• A thesis that is split among multiple paragraphs, or merely restates the prompt,
• Thesis sentences may not be used for any other rubric points.
2. Addresses all parts of the question, though not necessarily evenly or
For 2 points:
• The essay provides relevant discussion of both continuity and change within
the time period in the formation of national identity in one of the regions.
For 1 point:
• The essay provides relevant discussion of either continuity or change within
the time period in the formation of national identity in one of the regions.
3. Substantiates thesis with appropriate historical evidence.
For 2 points:
• The essay provides FOUR pieces of accurate evidence of change AND continuity.
o Change evidence must be a concrete example related to a specific country.
o Continuity evidence may be general to the selected region.
o At least one piece of...
...swords. Great leaders like Samudragupta and Chandragupta II understood the need for combined armed tactics and proper logical organization which is why Gupta’s army was powerful and dominant. Gupta military success came from the constant use of elephants, armored cavalry, and foot archers against both Hindu kingdoms and foreign armies. The Guptas also maintained a navy, allowing them to control regional waters. During the reign of Chandragupta II, Gupta Empire maintained a large army consisting of 500,000 infantry, 50,000 cavalry, 20,000 charioteers and 10,000 elephants along with a powerful navy with more than 1200 ships. Chandragupta II controlled the whole of the Indian subcontinent; the Gupta Empire was the most powerful empire in the world during his reign, at a time when the Roman Empire in the west was in decline.
The decline of the Gupta Empire was based of poor leadership and attacks from other clans. Skandagupta was followed by weak rulers Purugupta (467–473C.E.), Kumaragupta II (473–476C.E.), Budhagupta (476–495 C.E.), Narasimhagupta, Kumaragupta III, Vishnugupta, Vainyagupta and Bhanugupta. The line of the sixth-century Gupta leaders is unclear, but the last recognized ruler of the dynasty's main line was king Vishnugupta, who reigned from 540 to 550 C.E. In the 480 C.E., the White Huns broke through the Gupta defenses in the northwest, and much of the empire in northwest was overrun by the Hun by 500. (Gupta Empire). The Huns were defeated and...
...Unit 6 DBQ
When thinking about the history of the world, one must always consider that merchants as well as trade have played an immerse role in shaping the world as it is today. They are responsible for many of the cross-cultural interactions that we have had in the past. Christianity and Islam, the two predominant religions of the world today, have both grown and spread through merchants and trade also. These two chief religions both have attitudes towards merchants and trade that have either developed or decreased overtime. According to these documents, from up to the year 1500, Christianity went from a negative view of merchants and trade to a positive view while Islam went from a positive view to a negative view, but both sides imposed on a sense of honesty.
In the beginning of Christianity at about 70-80 CE, they had a very negative approach toward merchants (Doc. 1). Christianity's shift from a negative view to a positive view is a demonstrated in documents 1, 3, 4, and 6. Document 1 states that no rich man can enter the kingdom of heaven. This is indirectly stating that merchants cheat people and it's not a worthy profession. The author specifically enforces this statement by saying that hypothetically, it is easier for a camel to go through an eye of a needle than for a rich man to enter into the kingdom of god. This document also demonstrated bias because it shows the strong dislike for merchants. The...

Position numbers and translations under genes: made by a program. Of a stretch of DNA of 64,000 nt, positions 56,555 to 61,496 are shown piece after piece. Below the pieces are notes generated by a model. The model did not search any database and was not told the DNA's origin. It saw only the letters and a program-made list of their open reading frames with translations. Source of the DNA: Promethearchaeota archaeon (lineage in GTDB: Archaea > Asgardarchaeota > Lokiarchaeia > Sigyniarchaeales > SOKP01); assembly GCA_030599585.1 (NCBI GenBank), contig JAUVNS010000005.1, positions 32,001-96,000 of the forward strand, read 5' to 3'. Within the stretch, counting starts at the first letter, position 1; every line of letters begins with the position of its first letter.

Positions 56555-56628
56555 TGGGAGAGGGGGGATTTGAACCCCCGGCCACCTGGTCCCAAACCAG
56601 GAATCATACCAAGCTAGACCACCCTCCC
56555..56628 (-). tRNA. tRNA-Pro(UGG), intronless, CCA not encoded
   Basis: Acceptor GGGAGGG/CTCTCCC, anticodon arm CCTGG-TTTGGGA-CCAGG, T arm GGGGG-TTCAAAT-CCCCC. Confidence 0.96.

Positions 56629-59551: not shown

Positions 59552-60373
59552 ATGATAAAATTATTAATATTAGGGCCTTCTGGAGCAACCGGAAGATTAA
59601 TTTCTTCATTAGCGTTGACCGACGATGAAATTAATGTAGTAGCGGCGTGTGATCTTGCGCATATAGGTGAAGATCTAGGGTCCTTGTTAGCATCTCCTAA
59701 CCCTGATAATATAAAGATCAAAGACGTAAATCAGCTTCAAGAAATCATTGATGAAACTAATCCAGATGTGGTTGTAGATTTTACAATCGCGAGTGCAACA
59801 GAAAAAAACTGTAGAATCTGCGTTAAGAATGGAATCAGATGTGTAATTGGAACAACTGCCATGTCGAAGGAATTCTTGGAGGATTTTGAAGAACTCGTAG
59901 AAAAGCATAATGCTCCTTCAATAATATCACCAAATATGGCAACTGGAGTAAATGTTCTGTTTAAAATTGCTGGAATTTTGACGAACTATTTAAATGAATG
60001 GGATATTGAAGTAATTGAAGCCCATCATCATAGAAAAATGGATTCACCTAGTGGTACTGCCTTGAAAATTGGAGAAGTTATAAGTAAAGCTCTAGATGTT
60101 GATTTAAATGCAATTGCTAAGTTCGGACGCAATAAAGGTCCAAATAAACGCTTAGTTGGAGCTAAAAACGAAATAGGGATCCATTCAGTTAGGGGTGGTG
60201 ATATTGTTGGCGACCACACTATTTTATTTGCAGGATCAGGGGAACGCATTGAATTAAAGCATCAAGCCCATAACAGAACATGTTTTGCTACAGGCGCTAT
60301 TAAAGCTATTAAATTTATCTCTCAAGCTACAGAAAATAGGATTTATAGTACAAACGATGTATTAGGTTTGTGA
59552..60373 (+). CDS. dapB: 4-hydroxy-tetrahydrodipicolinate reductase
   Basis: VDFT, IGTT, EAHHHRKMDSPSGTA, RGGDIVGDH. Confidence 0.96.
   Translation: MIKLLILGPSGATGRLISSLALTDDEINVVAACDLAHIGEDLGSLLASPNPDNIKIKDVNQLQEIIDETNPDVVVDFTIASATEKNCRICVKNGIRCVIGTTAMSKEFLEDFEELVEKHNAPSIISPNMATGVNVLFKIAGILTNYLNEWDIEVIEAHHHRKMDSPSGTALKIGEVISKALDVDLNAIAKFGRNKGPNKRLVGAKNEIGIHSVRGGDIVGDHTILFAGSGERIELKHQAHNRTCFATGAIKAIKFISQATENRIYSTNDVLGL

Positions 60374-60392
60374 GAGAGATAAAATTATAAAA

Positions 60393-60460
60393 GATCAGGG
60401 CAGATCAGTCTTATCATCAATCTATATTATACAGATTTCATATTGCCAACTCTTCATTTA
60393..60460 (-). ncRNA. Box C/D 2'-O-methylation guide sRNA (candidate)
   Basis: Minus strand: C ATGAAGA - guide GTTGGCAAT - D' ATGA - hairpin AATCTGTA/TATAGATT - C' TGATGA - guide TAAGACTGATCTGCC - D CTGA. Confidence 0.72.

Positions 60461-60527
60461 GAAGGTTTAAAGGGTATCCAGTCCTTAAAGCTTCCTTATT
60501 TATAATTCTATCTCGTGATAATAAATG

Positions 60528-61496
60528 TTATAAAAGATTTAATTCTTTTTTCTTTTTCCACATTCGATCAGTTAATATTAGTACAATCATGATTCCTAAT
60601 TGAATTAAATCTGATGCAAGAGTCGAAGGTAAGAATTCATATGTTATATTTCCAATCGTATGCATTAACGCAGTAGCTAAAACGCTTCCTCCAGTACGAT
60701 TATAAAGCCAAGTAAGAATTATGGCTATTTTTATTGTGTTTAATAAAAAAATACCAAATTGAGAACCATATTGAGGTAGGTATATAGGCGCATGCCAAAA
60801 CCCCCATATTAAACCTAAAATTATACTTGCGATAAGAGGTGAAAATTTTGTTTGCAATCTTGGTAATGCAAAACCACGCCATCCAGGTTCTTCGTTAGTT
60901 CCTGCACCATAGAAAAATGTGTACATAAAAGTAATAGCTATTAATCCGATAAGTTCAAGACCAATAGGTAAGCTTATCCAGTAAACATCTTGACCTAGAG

Cricket and Politics
In South Asia, cricket was a new found religion for the people of India. India’s win in the
World Cup in 1983 was a defining moment, cricket was at an all time high, with the media and
Bollywood as well. Between 1880 and 2005 cricket effected politics by bridging religious
tensions, a way to express nationalism and a way of unifying people of different groups together.
Cricket was a unique game that brought people together. Documents 1,2,3,4 and 5 all
show that cricket unified people of all different groups to come together in playing the game of
cricket. In document 1, Indian cricket players were getting fed up with the English polo players
that kept playing on their turf with their ponies because the ponies would tear up and ruin the
grass, so the Indians wanted the English to go back to their own land or let the Indians play on
their land that was way to big for them. The petition they wrote for the land may have helped
them get along better politically if both sides followed the petition. In document 2, cricketer,
Prince Ranjitsinhji plans to join the English sussex team in England, play for them and then
come back to India as the head of the English cricket team. Then in 1990 he will then return to
England as the new head of the India cricket team and play for them. Prince Ranjitsinhji was
probably a higher class individual which let him play for both teams in India and England and he
The game of cricket between 1880-2005 played a very important political role in South Asia. Cricket both strengthened the relationship between Britain and India, and created good social changes. Although, the game weakened the religious and political rivalry according to the different perspectives of ten different sources.
Cricket helped unify and strengthen the relationship between Britain and India. As shown in document 3, Cecil Headlam, an English cricketer and historian, says that “Cricket unites the rulers and the ruled. It also provides a moral training, an education in pluck, and nerve, and self restraint.” It also allowed India to compete with the english on even terms, according to Prabhat Kumar Mukhopadhyay in document 6. In document 6 it showed Kumars opinion on the Indians victory over the English, in what was made the only thing they could compete in. This brought turned cricket into a political battlefield. Each religion could battle it out with a game of cricket and whoever won, would have pride.
In document 10, the chairman of the Pakistan Cricket Board tells an interviewer in an interview that cricket brings people together mentioning that there are 20,000 Indian cricket fans. In a way she is right, the game does bring people from all over the world together; for example the prince of india mentioned in document 2. Although, since it came from a cricket historians point of view, it gave more of a biased...